“Bed bugs have become a global epidemic and current detection tools are poorly suited for routine surveillance. Despite intense research on bed bug aggregation behavior and the aggregation pheromone, which could be used as a chemical lure, the complete composition of this pheromone has thus far proven elusive. Here, we report that the bed bug aggregation pheromone comprises five volatile components (dimethyl disulfide, dimethyl trisulfide, (E)-2-hexenal, (E)-2-octenal, 2-hexanone), which attract bed bugs to safe shelters, and one less-volatile component (histamine), which causes their arrestment upon contact. In infested premises, a blend of all six components is highly effective at luring bed bugs into traps. The trapping of juvenile and adult bed bugs, with or without recent blood meals, provides strong evidence that this unique pheromone bait could become an effective and inexpensive tool for bed bug detection and potentially their control.”
Singh, N., C. Wang, and R. Cooper. 2013. Effect of trap design, chemical lure, carbon dioxide release rate, and source of carbon dioxide on efficacy of bed bug monitors. Journal of Economic Entomology. 106(4):1802-1811.
“Bed bugs, (Cimex lectularius L.), are difficult to find because of their nocturnal and secretive behavior. In recent years, a number of monitors containing carbon dioxide (CO2), chemical lures, heat, or both, to attract bed bugs have been developed for detecting bed bugs. Ineffective trap design, lack of attraction of chemical lures, high cost of the CO2 delivery system, or insufficient CO release rates are some factors that limited the wide adoption of these monitors. To develop an affordable and effective monitor, we conducted a series of laboratory and field tests. Specifically, we tested a new pitfall trap design, a chemical lure mixture, different CO2 release rates, and a sugar and yeast mixture as CO2 source. Results show the new pitfall trap design was significantly more effective than Climbup insect interceptor, the most effective passive monitor available in the market for bed bugs. The experimental chemical lure mixture increased Climbup insect interceptor catch by 2.2 times. Results exhibit a distinct positive relationship between the CO2 release rates and bed bug trap catches. There were no significant differences between CO2 derived from cylinders and CO2 generated from sugar and yeast mixture in their attractiveness to bed bugs. The findings suggest an effective and affordable monitor can be made incorporating the new pitfall trap design, a sugar and yeast mixture, and a chemical lure.”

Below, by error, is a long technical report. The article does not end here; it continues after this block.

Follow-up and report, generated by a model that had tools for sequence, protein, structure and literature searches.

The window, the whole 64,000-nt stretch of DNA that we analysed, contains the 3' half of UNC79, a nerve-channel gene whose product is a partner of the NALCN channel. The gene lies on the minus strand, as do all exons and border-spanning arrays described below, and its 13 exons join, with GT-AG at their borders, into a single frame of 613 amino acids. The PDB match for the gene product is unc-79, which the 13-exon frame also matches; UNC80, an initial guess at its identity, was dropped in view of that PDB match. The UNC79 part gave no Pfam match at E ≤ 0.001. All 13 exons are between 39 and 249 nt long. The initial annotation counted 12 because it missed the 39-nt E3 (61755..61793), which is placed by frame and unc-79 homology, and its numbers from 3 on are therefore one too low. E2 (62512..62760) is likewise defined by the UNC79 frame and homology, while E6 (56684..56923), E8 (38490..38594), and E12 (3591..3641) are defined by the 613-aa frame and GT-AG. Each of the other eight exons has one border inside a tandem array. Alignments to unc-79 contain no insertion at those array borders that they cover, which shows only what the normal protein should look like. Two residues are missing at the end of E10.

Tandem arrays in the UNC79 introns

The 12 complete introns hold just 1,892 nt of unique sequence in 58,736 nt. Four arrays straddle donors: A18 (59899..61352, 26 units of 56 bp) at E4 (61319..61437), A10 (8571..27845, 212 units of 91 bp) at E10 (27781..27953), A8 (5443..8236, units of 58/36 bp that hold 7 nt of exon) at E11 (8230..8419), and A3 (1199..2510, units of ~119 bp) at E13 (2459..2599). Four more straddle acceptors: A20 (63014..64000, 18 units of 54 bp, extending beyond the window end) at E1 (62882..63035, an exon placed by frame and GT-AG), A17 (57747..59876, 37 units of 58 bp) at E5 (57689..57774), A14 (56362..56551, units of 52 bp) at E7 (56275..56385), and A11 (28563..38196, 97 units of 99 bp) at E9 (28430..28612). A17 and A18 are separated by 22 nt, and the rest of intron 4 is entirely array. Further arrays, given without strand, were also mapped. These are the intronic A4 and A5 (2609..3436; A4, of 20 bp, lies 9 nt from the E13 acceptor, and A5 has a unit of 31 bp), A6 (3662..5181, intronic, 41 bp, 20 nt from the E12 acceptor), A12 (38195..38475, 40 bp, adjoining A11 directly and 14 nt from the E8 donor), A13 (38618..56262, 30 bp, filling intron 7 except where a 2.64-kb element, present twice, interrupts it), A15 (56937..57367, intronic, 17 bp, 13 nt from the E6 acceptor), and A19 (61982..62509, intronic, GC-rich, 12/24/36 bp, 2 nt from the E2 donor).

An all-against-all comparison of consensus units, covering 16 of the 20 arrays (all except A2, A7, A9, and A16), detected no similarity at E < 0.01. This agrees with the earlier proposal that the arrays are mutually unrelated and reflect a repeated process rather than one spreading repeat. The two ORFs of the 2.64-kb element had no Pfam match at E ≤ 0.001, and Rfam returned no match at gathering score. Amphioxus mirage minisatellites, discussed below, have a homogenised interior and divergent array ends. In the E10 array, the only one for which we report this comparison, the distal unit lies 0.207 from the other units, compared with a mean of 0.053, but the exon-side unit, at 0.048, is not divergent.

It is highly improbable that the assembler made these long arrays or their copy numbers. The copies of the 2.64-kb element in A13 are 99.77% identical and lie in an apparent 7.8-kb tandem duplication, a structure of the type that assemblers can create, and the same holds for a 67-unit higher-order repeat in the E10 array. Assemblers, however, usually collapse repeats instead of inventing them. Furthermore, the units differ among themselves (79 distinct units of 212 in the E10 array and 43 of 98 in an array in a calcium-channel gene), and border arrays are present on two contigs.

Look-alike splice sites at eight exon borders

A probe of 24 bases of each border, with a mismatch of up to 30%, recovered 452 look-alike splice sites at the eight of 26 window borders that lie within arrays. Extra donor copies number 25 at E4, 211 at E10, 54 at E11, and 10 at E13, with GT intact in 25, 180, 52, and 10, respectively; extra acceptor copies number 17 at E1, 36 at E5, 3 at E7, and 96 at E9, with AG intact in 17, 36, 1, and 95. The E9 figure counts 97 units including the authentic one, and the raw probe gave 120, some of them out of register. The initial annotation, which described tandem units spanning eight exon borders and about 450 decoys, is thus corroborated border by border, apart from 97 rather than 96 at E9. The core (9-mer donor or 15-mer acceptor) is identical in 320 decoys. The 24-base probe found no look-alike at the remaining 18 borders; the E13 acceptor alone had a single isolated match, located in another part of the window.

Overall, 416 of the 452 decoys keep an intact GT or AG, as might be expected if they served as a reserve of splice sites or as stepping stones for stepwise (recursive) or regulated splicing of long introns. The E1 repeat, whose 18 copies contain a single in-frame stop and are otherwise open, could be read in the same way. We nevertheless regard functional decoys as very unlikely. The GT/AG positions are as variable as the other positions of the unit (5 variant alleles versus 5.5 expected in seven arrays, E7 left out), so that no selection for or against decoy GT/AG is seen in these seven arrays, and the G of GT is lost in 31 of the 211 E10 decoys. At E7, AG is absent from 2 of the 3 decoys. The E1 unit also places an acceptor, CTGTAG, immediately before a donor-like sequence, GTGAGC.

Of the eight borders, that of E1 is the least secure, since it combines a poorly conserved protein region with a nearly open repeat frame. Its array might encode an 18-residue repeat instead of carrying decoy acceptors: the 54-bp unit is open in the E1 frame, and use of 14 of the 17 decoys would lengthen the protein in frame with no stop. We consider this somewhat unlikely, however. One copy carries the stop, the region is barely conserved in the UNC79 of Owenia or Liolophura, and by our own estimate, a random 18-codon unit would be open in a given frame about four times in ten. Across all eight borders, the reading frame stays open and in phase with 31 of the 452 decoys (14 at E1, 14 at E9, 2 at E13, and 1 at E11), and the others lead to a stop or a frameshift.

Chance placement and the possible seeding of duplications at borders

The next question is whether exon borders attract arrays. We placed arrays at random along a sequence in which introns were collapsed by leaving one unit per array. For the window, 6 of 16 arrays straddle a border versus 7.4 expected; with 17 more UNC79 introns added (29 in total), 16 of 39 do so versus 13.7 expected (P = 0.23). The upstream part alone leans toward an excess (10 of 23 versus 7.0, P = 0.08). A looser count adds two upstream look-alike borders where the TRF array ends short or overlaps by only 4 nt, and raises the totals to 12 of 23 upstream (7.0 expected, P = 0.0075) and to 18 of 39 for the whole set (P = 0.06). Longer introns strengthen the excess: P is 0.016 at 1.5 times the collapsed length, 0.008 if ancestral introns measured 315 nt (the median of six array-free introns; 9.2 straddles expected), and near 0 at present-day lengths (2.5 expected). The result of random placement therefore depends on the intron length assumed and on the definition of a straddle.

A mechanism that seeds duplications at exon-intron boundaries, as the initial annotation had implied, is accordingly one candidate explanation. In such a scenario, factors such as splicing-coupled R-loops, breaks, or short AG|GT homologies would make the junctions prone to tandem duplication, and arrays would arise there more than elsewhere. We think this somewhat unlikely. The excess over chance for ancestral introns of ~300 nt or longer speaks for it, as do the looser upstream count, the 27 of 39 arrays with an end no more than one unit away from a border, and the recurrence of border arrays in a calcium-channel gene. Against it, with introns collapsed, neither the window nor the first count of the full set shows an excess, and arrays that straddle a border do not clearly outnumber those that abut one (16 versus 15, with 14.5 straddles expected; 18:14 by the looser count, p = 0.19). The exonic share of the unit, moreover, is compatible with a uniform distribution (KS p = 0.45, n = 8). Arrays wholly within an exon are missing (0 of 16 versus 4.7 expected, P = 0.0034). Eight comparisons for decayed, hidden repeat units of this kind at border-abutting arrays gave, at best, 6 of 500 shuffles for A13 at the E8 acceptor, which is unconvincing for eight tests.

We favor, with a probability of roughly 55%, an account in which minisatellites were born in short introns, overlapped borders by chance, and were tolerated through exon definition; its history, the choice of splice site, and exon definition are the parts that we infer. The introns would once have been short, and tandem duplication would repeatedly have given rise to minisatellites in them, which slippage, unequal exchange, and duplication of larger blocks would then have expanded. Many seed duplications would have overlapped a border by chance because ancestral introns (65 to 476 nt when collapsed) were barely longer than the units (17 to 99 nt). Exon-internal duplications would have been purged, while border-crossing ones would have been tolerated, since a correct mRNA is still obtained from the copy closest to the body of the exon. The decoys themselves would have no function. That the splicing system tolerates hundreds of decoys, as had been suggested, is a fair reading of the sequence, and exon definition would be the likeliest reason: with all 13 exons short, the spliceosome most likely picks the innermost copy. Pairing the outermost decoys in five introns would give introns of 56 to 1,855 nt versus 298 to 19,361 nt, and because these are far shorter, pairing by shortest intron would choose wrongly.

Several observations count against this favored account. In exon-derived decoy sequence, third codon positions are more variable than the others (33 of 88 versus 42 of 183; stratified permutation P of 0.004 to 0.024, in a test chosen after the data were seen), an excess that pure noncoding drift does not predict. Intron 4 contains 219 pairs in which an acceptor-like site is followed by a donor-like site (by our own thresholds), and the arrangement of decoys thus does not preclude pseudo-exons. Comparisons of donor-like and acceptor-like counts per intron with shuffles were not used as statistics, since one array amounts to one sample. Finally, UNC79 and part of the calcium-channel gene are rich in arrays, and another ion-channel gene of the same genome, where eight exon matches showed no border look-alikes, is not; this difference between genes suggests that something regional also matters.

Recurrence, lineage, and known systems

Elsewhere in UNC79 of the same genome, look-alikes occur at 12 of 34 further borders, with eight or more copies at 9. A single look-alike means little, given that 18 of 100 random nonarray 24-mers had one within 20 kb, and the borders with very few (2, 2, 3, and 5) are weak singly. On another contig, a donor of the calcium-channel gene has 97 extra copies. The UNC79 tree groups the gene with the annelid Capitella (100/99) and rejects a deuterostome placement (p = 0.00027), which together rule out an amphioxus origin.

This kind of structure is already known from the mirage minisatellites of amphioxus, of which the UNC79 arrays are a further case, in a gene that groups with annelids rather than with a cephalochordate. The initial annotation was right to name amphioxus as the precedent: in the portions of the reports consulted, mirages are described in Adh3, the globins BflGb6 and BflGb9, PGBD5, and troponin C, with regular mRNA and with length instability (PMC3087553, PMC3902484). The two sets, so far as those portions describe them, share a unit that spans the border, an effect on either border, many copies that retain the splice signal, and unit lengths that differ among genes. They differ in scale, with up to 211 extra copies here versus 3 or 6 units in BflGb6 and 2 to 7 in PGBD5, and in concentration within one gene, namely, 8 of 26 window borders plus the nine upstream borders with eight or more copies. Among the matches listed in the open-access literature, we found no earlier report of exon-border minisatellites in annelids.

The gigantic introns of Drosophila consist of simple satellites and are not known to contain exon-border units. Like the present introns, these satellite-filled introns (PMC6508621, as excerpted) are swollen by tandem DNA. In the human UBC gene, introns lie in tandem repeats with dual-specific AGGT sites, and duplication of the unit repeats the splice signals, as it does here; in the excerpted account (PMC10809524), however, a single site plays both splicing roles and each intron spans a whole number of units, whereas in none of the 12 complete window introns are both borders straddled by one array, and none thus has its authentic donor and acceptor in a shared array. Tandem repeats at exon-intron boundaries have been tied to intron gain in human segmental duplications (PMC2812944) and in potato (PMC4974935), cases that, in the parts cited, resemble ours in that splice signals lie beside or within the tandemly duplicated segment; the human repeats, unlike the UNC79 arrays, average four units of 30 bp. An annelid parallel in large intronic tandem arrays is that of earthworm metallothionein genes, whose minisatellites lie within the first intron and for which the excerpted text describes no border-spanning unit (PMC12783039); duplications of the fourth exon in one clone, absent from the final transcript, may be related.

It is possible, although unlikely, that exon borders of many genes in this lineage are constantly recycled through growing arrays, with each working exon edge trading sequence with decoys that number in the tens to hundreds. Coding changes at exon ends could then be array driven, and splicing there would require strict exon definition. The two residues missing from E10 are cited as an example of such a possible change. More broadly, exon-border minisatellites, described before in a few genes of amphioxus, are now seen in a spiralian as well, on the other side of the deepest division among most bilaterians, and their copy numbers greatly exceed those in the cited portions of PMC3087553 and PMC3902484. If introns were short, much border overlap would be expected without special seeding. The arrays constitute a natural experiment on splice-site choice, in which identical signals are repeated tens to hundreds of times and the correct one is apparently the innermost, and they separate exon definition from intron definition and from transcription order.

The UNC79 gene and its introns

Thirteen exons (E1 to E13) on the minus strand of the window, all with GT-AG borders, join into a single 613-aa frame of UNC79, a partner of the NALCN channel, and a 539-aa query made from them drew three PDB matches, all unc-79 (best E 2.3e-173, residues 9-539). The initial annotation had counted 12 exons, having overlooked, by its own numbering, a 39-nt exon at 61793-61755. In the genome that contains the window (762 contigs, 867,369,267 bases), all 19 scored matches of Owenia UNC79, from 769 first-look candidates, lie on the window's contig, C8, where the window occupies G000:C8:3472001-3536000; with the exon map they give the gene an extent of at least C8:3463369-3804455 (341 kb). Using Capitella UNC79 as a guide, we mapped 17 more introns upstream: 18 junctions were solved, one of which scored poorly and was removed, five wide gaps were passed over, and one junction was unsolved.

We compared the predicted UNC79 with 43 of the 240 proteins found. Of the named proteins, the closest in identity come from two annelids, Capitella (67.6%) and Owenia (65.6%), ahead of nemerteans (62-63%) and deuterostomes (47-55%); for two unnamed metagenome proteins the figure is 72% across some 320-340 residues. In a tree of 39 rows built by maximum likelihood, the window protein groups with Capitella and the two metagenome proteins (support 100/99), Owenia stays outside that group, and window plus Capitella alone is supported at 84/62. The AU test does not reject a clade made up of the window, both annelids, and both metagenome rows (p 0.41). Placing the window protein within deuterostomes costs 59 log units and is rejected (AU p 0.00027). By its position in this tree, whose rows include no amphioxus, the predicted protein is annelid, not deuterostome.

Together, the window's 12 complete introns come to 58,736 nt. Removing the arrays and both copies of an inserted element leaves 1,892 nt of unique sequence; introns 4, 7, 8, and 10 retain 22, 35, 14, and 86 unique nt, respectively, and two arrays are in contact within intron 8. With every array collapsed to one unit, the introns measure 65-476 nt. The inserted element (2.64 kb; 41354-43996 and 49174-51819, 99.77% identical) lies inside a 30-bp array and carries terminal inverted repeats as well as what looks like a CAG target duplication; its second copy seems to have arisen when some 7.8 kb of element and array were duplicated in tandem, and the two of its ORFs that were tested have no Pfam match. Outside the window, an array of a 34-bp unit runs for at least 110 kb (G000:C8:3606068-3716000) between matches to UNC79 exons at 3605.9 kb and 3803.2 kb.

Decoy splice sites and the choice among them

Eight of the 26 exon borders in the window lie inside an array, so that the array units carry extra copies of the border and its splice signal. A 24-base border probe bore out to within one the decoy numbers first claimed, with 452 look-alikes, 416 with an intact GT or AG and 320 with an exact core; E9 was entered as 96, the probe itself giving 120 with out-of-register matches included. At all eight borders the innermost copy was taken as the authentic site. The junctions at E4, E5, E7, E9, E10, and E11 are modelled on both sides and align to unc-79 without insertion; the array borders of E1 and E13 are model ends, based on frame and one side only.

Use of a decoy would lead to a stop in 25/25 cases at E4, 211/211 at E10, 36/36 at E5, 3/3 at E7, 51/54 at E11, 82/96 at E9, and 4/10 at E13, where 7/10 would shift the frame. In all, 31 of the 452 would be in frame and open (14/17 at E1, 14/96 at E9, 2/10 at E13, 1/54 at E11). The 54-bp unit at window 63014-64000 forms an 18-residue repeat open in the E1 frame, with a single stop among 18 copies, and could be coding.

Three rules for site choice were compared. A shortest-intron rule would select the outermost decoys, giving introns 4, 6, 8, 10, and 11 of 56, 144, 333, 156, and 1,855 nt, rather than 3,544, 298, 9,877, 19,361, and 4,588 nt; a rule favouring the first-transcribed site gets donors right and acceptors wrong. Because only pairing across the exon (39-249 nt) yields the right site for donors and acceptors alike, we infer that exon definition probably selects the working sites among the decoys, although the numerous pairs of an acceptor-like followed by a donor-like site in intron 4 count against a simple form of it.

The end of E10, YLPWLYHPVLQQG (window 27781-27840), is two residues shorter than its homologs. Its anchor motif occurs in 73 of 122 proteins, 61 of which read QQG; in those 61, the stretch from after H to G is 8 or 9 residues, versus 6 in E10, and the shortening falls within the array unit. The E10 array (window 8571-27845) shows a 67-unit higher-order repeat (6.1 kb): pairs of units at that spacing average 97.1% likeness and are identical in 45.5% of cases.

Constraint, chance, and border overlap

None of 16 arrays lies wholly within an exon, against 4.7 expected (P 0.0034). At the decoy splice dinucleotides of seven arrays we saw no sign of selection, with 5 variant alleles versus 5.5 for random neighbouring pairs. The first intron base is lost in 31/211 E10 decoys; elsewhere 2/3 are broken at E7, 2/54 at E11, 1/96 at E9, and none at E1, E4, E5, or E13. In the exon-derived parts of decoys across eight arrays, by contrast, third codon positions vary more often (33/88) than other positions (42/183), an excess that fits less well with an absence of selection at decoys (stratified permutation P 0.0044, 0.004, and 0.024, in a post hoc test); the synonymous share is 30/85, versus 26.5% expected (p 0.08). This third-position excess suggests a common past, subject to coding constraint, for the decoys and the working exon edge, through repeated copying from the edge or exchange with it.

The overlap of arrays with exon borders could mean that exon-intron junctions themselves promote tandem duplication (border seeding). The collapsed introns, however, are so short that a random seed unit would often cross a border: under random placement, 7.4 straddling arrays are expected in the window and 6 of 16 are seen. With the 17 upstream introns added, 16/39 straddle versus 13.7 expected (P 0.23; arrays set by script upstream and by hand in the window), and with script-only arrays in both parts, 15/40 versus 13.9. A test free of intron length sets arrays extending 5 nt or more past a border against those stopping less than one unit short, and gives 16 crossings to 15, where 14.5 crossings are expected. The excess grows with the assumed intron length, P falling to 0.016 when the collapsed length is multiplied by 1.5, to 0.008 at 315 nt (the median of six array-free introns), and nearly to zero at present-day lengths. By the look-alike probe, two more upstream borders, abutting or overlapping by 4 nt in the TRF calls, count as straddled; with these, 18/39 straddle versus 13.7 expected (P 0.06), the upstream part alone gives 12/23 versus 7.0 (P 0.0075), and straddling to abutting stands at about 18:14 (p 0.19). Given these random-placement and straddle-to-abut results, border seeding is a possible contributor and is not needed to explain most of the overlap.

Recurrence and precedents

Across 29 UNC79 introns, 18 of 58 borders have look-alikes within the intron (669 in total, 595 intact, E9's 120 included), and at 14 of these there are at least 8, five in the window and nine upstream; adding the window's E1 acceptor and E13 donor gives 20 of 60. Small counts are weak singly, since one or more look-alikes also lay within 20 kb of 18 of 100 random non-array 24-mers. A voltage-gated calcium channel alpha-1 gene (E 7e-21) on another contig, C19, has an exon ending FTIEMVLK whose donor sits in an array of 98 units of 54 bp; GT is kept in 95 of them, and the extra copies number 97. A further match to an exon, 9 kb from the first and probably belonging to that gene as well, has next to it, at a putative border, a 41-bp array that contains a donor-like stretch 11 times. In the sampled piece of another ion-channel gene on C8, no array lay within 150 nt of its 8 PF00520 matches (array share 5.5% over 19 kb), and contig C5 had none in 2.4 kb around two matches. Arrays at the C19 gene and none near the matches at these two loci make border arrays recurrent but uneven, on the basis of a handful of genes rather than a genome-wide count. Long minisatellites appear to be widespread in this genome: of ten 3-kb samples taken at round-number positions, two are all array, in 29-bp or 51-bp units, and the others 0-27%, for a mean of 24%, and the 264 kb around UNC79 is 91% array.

Vaidyanathan, R., M. F. Feldlaufer. 2013. Bed bug detection: current technologies and future directions. The American Journal of Tropical Medicine and Hygiene. 88(4):619-625. doi: 10.4269/ajtmh.12-0493.
“Technologies to detect bed bugs have not kept pace with their global resurgence. Early detection is critical to prevent infestations from spreading. Detection based exclusively on bites is inadequate, because reactions to insect bites are non-specific and often misdiagnosed. Visual inspections are commonly used and depend on identifying live bugs, exuviae (shed skins), or fecal droplets. Visual inspections are inexpensive, but they are time-consuming and unreliable when only a few bugs are present. Use of a dog to detect bed bugs is gaining in popularity, but it can be expensive, may unintentionally advertise a bed bug problem, and is not foolproof. Passive monitors mimic natural harborages; they are discreet and typically use an adhesive to trap bugs. Active monitors generate carbon dioxide, heat, a pheromone, or a combination to attract bed bugs to a trap. New technologies using DNA analysis, mass spectrometry, and electronic noses are innovative but impractical and expensive for widespread use.”